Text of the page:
SEMEL: That’s right.

CRUISE: He started as a photographer at Look magazine. We discovered that we were both Yankees fans. But in that meeting, he didn’t really want to discuss certain subjects—like how he made certain pictures or the choices he made. But as time went on, we became great friends, and he just broke down for me all the sequences of his movies—starting with 2001—and how he came up with all the ideas for each shot. It was an incredible learning experience. Working with Stanley was a lot of fun because even though it may look like a very simple film, he was brilliant at getting under the audience’s skin. He was very interested in the idea of, “How can I tell this with just a camera?” I know the games that he and Sydney Pollack used to play back-and-forth. They would trade commercials back-and-forth and see how much of the dialogue could be taken out of the commercial while still retaining a story and also seeing what they could do visually with it. When you look at Eyes Wide Shut, there’s the sense of, “Is this a dream or is this a nightmare?” and how do you handle the aspects of the story in such a way that you’re not resorting to the usual visual techniques to say, “This is nightmare.”

INSDORF: You mean Kubrick was playing with formal structures?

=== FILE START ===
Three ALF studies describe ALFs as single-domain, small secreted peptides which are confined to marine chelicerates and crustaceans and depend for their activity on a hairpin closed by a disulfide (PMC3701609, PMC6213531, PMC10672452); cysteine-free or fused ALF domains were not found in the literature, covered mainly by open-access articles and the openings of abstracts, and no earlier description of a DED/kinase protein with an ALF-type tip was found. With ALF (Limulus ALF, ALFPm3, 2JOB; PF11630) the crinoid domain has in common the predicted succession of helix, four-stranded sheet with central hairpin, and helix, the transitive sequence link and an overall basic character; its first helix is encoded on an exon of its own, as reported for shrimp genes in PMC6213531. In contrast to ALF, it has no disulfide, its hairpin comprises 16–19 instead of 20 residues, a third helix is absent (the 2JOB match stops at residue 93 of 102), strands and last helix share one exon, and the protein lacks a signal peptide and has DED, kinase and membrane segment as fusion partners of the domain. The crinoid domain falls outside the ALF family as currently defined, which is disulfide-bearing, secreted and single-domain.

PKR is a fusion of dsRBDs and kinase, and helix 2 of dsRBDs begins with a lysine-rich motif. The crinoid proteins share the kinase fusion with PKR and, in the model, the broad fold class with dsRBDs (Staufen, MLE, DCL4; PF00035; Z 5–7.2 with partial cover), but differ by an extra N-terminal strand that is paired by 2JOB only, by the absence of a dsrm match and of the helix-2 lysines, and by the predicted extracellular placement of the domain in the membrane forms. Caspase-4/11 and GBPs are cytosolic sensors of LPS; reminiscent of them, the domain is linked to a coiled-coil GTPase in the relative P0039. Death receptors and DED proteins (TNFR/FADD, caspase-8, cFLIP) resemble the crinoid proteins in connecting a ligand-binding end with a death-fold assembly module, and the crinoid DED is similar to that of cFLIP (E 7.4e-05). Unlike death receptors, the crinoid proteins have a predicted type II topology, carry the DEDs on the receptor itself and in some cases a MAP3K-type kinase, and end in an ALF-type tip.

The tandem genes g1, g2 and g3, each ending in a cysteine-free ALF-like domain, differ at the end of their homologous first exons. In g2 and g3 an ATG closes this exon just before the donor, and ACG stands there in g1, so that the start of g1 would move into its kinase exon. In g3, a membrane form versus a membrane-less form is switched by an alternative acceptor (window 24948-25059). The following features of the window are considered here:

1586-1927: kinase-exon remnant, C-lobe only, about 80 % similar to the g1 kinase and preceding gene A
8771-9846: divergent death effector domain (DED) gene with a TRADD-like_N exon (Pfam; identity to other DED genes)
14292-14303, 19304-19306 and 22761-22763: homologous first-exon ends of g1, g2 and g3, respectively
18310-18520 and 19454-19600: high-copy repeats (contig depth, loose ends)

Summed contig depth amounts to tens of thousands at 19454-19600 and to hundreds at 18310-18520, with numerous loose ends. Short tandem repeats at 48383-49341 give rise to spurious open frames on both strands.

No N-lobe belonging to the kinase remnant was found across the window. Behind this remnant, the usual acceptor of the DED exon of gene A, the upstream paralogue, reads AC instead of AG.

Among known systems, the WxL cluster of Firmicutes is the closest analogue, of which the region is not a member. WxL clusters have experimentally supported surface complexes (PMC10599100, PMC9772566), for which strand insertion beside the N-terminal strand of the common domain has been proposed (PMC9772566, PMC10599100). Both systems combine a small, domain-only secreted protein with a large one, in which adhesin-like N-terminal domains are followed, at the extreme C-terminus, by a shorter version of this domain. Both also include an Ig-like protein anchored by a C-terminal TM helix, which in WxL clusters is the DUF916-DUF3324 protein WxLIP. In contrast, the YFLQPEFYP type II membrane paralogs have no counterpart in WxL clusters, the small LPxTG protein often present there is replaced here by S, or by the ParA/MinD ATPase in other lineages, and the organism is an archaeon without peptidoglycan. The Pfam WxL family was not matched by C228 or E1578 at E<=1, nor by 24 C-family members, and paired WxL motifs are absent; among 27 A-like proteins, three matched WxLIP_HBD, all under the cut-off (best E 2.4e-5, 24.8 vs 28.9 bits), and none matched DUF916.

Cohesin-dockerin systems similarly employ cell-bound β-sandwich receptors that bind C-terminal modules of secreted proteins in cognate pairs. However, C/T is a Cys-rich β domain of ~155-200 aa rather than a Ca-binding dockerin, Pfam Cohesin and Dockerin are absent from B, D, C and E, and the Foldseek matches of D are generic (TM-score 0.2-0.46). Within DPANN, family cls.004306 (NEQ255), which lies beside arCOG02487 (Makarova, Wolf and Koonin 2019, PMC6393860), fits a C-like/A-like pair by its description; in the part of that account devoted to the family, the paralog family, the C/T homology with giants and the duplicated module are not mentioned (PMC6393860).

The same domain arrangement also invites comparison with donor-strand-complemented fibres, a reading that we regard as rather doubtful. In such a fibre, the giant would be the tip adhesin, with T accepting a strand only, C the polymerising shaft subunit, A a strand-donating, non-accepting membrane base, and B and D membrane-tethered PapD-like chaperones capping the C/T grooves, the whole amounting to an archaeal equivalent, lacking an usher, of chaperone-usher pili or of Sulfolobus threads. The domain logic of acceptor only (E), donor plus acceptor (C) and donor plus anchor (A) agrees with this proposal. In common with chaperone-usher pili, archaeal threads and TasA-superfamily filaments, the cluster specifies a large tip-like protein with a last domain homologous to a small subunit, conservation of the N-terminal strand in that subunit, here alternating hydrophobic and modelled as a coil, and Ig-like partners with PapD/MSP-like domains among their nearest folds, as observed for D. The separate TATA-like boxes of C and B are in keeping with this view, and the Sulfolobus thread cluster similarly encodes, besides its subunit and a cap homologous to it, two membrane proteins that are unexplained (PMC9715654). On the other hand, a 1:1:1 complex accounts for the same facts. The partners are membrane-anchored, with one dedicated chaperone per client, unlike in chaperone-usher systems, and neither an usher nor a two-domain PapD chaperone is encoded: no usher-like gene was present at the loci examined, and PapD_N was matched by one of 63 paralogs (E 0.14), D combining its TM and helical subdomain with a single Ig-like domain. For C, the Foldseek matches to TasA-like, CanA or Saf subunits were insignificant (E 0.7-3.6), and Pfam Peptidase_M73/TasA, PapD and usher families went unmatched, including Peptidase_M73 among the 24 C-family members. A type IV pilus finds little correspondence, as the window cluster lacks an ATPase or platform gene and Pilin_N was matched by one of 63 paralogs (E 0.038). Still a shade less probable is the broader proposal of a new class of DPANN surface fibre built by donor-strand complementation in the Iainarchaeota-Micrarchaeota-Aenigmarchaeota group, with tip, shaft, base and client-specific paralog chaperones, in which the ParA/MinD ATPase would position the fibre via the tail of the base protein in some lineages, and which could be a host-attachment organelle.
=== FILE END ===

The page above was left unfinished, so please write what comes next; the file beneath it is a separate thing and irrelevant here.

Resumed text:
CRUISE: He was pushing the film very hard. One fascinating thing about Barry Lyndon was that he used the Apollo lenses [still photography lenses developed for NASA, modified for film use]. The speed of those lenses is startling, and he used them to shoot in candlelight, which gives it that incredible depth of frame that he’s really known for. He likes those wide-angle lenses and he would often adjust the furnishing and the pictures on the wall. He understood those lenses completely, because a lens like that will bend the picture. It will alter it, and he made adjustments because he wanted that depth, he wanted the audience to feel the space. He was very selective when he went into a close-up. Every director has his taste in a performance, but Stanley would explore a scene to find what was most interesting for him. When you look at the lens choices with Jack Nicholson, for example, when he’s in the pantry leaning against the door and Stanley shoots up at him, its clear what an amazing eye he had. When you’re working with a filmmaker with that command of storytelling, you know right away that it’s his taste, it’s an extension of him. It’s not necessarily analytical. As an actor—like an artist—you have to ask, “Why do I choose a certain moment to play something a certain way?” It’s organic to who we are. I think you see through Stanley’s movies that his visual command was an extension of him. And in Eyes Wide Shut he was very much pushing the film. Every morning, I would go in early and we would look at the negatives together. We would look at the day’s rushes—not with sound, but we would look at the image, and he was checking the film to see how hard could he push it. There was an interesting moment during filming. We were shooting in the backlot of Pinewood Studios and he had built a set to resemble New York. We were working on a scene where I see that a guy is following me. He cast a very distinct-looking actor, a bald guy with a very particular wardrobe. In the shot, this guy walks across the street. We went back and looked at the video playback; we must have spent hours studying it, just to figure out what the behavior of this man should be like crossing the street. Finally, Stanley said, “Listen, when you’re crossing the street, please don’t stop staring at Tom.” It looks like a very simple thing, but behaviorally, it had a tremendous effect. He just immerses you with his tone. His tracking shot through the trenches in Paths of Glory is revolutionary. And it’s the same with the Steadicam shot in The Shining with [camera operator] Garrett Brown. That was a very difficult shot where the boy is racing from carpet to floor to carpet. That was the brilliance of Stanley: he knew how to use the medium of film and the camera and the lens, and, of course, also sound. He had such command of his craft.